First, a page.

The dropper presents the following characteristics:

  • Includes a hardcoded kill time. If the system date is after this date, the dropper installs the wiper module and starts wiping files on the system.
  • Reads the ‘%WINDOWS%\inf\mdmnis5tQ1.pnf’ file to obtain a custom kill date that it will use instead of the hardcoded time. The communications module installed by the dropper is also capable of writing in this file.
  • Decrypts a string ‘\inf\averbh_noav.pnf’ that is the file that the communications module uses to write the system information.
  • Includes three resources, two of which contain embedded modules, specifically: a communications module, an x64 variant and a wiper module. The x64 variant of the dropper is used if the architecture of the system is determined to be x64.
  • Presents a language set defined as ‘SUBLANG_ARABIC_YEMEN’ that was also found in previous Disttrack samples used in attacks.
  • Install itself to the system (and remote systems if spreading was possible) by creating a service.
  • Chooses a random name when installing the communication and wiper modules to the system.
  • Extracts modules from the above mentioned resources by seeking a specific offset and reading a specific number of bytes as the length of the ciphertext.
  • Decrypts the ciphertext by using an XOR cipher and a specific base64 encode string that is decoded and used as the key.

Wiper: The wiper module that the dropper installs to the system is responsible for overwriting the data. It presents the following characteristics:

  • Overwrites the data within the MBR, partitions, and files on the system.
  • Carries out the data wiping using a legitimate hard disk driver called RawDisk by ElDos.
  • Contains the ElDos and RawDisk drivers in a resource named ‘e’ that it extracts by skipping to offset 1984 and reading 27792 bytes from that offset.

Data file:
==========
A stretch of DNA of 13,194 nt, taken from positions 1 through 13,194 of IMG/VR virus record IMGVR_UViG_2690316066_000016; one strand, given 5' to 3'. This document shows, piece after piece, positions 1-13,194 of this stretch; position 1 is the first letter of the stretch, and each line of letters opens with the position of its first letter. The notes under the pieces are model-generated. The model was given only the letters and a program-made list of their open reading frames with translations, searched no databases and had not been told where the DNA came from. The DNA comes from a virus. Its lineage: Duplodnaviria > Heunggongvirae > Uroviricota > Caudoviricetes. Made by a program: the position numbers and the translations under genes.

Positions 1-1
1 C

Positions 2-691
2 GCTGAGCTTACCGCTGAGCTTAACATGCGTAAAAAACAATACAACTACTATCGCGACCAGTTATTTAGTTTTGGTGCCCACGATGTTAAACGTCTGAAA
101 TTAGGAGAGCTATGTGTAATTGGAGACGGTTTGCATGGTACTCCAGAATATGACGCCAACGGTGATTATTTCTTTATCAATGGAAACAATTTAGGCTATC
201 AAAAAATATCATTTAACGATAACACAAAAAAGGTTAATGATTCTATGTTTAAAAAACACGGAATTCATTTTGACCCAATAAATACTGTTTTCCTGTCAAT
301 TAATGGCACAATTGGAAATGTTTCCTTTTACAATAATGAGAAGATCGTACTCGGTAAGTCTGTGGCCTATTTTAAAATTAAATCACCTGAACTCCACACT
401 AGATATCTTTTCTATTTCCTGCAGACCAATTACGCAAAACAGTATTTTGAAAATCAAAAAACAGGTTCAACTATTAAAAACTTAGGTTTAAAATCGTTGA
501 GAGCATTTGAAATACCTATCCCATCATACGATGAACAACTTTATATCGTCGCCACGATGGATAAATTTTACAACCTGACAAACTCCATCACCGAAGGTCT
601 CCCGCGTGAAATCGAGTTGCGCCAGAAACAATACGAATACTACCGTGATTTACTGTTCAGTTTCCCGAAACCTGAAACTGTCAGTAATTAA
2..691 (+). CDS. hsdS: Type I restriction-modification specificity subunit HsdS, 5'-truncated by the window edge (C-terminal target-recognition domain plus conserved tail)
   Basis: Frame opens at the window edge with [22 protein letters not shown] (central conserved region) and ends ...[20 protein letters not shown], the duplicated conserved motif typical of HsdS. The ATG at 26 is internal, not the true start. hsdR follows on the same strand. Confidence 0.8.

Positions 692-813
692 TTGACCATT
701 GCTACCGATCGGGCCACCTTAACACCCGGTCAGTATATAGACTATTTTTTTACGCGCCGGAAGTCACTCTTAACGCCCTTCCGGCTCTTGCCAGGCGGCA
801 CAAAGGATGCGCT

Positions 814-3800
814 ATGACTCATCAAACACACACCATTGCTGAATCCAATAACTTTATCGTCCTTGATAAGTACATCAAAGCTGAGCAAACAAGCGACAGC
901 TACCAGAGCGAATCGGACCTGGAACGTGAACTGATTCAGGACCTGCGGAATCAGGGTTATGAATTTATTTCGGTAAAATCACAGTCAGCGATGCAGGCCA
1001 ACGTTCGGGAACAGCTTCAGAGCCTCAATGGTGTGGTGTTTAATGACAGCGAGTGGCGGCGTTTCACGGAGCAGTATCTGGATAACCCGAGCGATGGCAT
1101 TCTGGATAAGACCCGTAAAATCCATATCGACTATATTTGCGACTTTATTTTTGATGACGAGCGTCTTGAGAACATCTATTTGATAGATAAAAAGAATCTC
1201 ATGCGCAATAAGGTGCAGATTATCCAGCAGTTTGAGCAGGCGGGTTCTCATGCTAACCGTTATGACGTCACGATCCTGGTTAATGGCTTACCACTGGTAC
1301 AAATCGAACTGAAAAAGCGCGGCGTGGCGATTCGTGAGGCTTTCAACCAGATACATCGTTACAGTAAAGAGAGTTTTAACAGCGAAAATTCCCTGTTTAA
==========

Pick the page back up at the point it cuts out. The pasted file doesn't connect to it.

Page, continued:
• Decrypts the data using a 247-byte key and saves it to ‘%WINDOWS%\system32\hdv_725x.sys’.
  • Creates a service named ‘hdv_725x’ for this driver running it with “sc start hdv_725x”.
  • Configures using the ‘R’ flag, which generates a buffer of random bytes that it will use to overwrite the MBR, partitions and files.
  • Supports two additional configuration flags, specifically ‘F’ and ‘E’ that will either overwrite files using a file or encrypt its contents.
  • Can be configured using a file to overwrite the files on the disk using the ‘F’ configuration flag.
  • Capable of being configured to import an RSA key to encrypt the MBR, partitions, and files via configuration flag ‘E’.
  • Reboots the system rendering it unusable as the important system locations and files have been overwritten with random data.

Communications: The communications module is responsible for reaching out to hardcoded URLs to communicate with the command and control (C2) server, but unlike previous Disttrack samples, this communication module does not contain functional C2 domains to use in the URLs. The communicator module presents the following characteristics:

  • Report on which files were overwritten creating a URL with a parameter named ‘selection’ followed by system information and the contents of the ‘averbh_noav.pnf’ file.
  • When communicating with the C2 URL, the communications module use a User Agent of ‘Mozilla/13.0 (MSIE 7.0; Windows NT 6.0)’, which is the same as past Disttrack communication module samples.

Novelties of the recent Shamoon attack: Unlike previous Shamoon attacks, the latest attack involves a new, second piece of wiping malware dubbed Trojan.Filerase. This malware deletes and overwrites files on the infected computer. The addition of the wiper makes these attacks more destructive than previous Shamoon versions.